I’ve noticed a pattern in myself, I tend to toggle between lower level and higher level languages. I love the raw power and control of the lower level static languages such as C++, but after a bit of time the verbosity of the language and the amount of code to get something simple done starts to wear on me and I switch to a high-level dynamic language like Ruby.

With higher level languages it feels like you can get more done with significantly less code and the development cycle of writing code and running it becomes so much easier and faster. The experience is really enjoyable until things start to go wrong in production because stupid typos and nil objects that somehow slipped through testing. That’s when I start to long for a static language with a compiler that can catch silly mistakes well before anything is deployed to production.

From the perspective of a software developer it’s a zero-sum game. All the gains I think I’m getting from a dynamic high-level language are eventually eroded by all the test writing and general care that’s necessary to have confidence that things aren’t going to blow up in a user’s face. And all the hand-holding, nudging, and extra code needed in a static low-level language just to get the same amount of work done can be infuriating.

The obvious solution is a hybrid language, one that is abstract enough that you can work faster and write less code and at the same time uses a static type system with a compiler that can catch stupid typos and enforce design choices at compile time. In the world of functional programming, languages like this are plentiful and Haskell happens to be one of them.

Haskell has a very strong static type system. Every expression has a type and the way expressions are used is fully checked at compile time to ensure type safety. If you’ve used a static type system before you might have just thrown up in your mouth and had flashbacks of spoon-feeding the compiler type annotations and extra code that it should have been able to figure out for itself. Have no fear, Haskell has an excellent type inference system which means you get type safety without having to explicitly tell it what you’re up to all the time.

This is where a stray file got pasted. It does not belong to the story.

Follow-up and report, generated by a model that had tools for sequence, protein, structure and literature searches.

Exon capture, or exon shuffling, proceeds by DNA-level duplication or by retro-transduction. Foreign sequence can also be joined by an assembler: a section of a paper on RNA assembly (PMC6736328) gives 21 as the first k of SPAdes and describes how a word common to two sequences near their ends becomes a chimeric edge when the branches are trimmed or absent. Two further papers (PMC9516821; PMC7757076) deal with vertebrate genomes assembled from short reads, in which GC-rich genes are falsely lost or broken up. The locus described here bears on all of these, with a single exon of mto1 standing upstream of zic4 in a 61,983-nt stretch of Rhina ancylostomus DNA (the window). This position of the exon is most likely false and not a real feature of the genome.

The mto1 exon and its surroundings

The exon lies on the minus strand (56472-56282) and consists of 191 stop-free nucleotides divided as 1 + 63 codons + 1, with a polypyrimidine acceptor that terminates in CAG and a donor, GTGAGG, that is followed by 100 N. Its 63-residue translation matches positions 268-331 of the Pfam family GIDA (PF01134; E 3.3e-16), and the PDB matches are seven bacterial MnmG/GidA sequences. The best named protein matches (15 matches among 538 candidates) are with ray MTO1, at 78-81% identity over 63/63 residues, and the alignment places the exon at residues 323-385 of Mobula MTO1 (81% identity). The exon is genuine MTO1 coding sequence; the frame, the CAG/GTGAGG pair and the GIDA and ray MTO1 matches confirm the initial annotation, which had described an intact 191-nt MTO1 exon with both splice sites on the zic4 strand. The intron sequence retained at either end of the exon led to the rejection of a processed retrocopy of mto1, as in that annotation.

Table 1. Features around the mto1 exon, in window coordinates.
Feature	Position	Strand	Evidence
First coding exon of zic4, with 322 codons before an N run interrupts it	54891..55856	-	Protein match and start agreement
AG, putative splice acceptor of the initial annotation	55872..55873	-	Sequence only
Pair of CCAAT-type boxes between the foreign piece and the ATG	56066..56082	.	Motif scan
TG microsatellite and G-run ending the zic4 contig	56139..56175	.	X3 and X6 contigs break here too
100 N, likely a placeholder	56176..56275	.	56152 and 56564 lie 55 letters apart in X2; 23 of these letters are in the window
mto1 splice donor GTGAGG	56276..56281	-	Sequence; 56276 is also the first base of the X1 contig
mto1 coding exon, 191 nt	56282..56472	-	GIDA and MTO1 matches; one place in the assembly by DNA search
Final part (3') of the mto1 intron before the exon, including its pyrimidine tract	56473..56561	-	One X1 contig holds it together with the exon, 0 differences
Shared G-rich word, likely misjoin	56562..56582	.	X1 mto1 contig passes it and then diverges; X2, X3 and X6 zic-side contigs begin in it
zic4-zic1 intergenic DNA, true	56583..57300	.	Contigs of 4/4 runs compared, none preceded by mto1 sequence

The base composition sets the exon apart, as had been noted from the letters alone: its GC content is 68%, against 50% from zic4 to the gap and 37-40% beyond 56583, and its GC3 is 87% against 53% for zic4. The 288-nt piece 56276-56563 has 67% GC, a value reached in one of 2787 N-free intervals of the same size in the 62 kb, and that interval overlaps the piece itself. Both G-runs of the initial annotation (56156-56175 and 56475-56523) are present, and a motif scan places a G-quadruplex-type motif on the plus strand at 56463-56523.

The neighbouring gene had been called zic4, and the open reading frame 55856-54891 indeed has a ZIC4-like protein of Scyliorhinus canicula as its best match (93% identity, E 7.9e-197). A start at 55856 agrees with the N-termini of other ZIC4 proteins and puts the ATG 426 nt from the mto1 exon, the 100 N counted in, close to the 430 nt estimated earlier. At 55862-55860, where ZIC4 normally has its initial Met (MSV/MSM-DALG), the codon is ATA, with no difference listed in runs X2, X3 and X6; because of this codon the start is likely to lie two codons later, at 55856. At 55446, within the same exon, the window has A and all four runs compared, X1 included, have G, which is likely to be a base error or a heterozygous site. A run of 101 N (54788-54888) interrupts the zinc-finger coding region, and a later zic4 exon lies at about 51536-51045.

But type inference isn’t all that special really. Heck, even C++11 has the auto keyword that allows the type of a variable to be inferred by the compiler. What you should take away from this, however, is that Haskell provides a lot of type safety at compile time without placing any additional burdens on the programmer. Type inference is just one example.

The type system in Haskell is quite a bit more powerful than in most languages. If you haven’t been exposed to a language like Haskell you probably haven’t thought about how to use the type system to make code safer or how to enforce design decisions at compile time but that’s exactly what Haskell programmers do every day.

Consider again the topic of null pointers and nil objects. What can you (and the compiler especially) gather from the following C++ function prototype2?

User* get_user_by_name (const std::string &name);

I see a function that returns a pointer to a User object. Had it returned a reference I could be somewhat assured that it won’t fail at run time (but it could still throw an exception.) Setting aside the ambiguity of who’s responsible for memory management in this case, it’s probably safe to assume that this function can potentially return a null pointer.

The C++ compiler doesn’t make a distinction between a valid User pointer and a null pointer, it doesn’t even spit out a warning if you try to dereference a known null pointer, and it certainly doesn’t force the programmer to test the pointer to see if it’s NULL. This is a case of “the programmer knows best” even when the compiler can see otherwise. I don’t know about you but when I’m writing production software and the compiler can potentially detect a mistake I’ve made I want to know about it.

There are two popular ways to write this function in Haskell. The first clearly tells the compiler and the programmer that this function might not return a valid User:

getUserByName :: String -> Maybe User

And the following means that the function can either return a string containing an error message or a valid User:

getUserByName :: String -> Either String User

And here’s the kicker, this is all done in the type system. Programmers who don’t know Haskell might be tempted to think that Maybe and Either are language keywords or some sort of type qualifier for the compiler but they’re just data types that happen to be in the standard library.

The closest comparison to C++ that comes to mind is the union type. Take the Either type in Haskell, implemented in C++ it would be a union with two fields, a string and a user. Since it’s a union only one of the fields can be used at once and the programmer has to work out which one can be accessed. In Haskell it’s not so ambiguous, it’s actually not ambiguous at all.